I did not hear the slightest sound, nor did I know if the insect had the ability to request assistance. But I am certain that he wanted out, and if he could speak a language understood by me, one word would have sufficed. HELP!!!
I had the feeling that he knew the trouble that he was in, and it was just a matter of time before he would be eaten and become history. Though it’s not the type of assist that would spark the interest of most people, I felt it to be a good deed and a welcomed rescue of the insect in question.
This ‘first responder’ rescue began as I was watering our flowers on the morning of August 18, 2014. I noticed an insect wiggling, tossing, and turning. At first sight I could not imagine what was troubling him, until I soon realized that he was entangled in the web of a spider. The web was almost invisible to me, and obviously the insect never saw it coming. Though I occasionally remove the cobwebs when I see them, they quickly return.
I realize that all of God’s creatures have to eat something, and many insects and animals eat each other. There’s a wild kingdom out there, and it’s the survival of the fittest. Some simply have to be eaten. It is just that simple and nature’s way. That is why when I first saw the entanglement, I debated whether or not to interfere. Realizing that it was nature’s way, I was less inclined to help the poor little insect, and decided to watch nature play itself out a little bit longer. For example, I decided that if he’s still there and untouched by the spider by the time I was done watering, I would rescue him.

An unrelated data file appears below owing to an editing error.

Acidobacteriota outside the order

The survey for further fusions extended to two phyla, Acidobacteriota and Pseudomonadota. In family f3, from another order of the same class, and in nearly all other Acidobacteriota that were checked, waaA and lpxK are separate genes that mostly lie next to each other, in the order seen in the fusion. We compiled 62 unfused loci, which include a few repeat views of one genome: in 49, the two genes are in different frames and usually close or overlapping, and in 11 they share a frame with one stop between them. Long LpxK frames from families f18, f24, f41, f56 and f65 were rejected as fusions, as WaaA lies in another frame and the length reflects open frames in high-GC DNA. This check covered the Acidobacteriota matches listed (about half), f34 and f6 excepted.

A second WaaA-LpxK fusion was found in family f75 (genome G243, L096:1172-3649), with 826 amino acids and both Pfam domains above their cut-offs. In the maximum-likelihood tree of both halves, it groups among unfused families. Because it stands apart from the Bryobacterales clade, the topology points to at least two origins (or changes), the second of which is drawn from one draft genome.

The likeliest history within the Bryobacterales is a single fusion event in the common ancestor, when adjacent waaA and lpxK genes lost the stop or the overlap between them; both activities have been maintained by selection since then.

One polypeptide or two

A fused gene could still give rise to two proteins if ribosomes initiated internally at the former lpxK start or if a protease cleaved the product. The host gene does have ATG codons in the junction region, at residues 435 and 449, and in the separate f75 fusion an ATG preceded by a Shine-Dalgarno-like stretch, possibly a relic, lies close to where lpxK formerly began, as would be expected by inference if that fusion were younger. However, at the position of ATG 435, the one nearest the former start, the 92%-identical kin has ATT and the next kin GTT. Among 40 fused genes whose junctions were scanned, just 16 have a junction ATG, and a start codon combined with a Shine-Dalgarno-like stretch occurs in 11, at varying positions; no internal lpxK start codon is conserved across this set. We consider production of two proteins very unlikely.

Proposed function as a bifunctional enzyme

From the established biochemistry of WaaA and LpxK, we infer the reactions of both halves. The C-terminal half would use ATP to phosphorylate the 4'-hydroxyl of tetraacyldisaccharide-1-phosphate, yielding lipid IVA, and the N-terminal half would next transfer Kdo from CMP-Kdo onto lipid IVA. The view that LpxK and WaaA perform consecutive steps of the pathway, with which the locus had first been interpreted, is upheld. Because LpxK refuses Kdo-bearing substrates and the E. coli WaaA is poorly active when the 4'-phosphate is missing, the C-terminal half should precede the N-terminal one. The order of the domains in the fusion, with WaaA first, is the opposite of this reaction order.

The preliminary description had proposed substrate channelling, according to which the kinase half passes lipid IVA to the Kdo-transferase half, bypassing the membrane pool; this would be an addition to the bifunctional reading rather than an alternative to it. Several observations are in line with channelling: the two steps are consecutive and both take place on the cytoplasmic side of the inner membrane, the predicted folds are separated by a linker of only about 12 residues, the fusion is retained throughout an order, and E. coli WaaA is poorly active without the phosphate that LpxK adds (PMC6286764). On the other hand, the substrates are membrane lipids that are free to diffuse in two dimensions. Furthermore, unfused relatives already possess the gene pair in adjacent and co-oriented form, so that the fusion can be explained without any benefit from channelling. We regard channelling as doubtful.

It was about 8AM when I spotted him, and by 8.15, I was done with watering. Fortunately, he was still there working hard to get out of the web. Ironically, I also spotted a large black widow spider a few feet away from the entrapment, but he was headed in a different direction. In keeping with my decision, I rescued him out of harm’s way, placing him several feet from the cob web.
After I placed him in a new area, for a couple of minutes he seemed disoriented and unwilling to move on. So I backed away for a little while, and when I returned to have another look at him, he was nowhere to be found. I concluded that my little friend was destined for a rescue and not to becoming the spider’s next meal. At least not this time.
Although this story is not intended to be a sermon, but rather another interesting observation in nature, it does have the symbolism of many life lessons. The cob web was invisible to the insect like so much of life’s dangers are to us. The insect certainly did not see the black widow that I saw, or he would not have been in such a danger zone. Of course the spider easily represents the devil who’s always lurking either to attack or simply to check his bates for a catch. Sometimes, like the insect, we are caught and entangled in a web or about to be. Whether about to be or already ensnared, our best move is the one made by the yard bug in my front yard. Cry for HELP!!!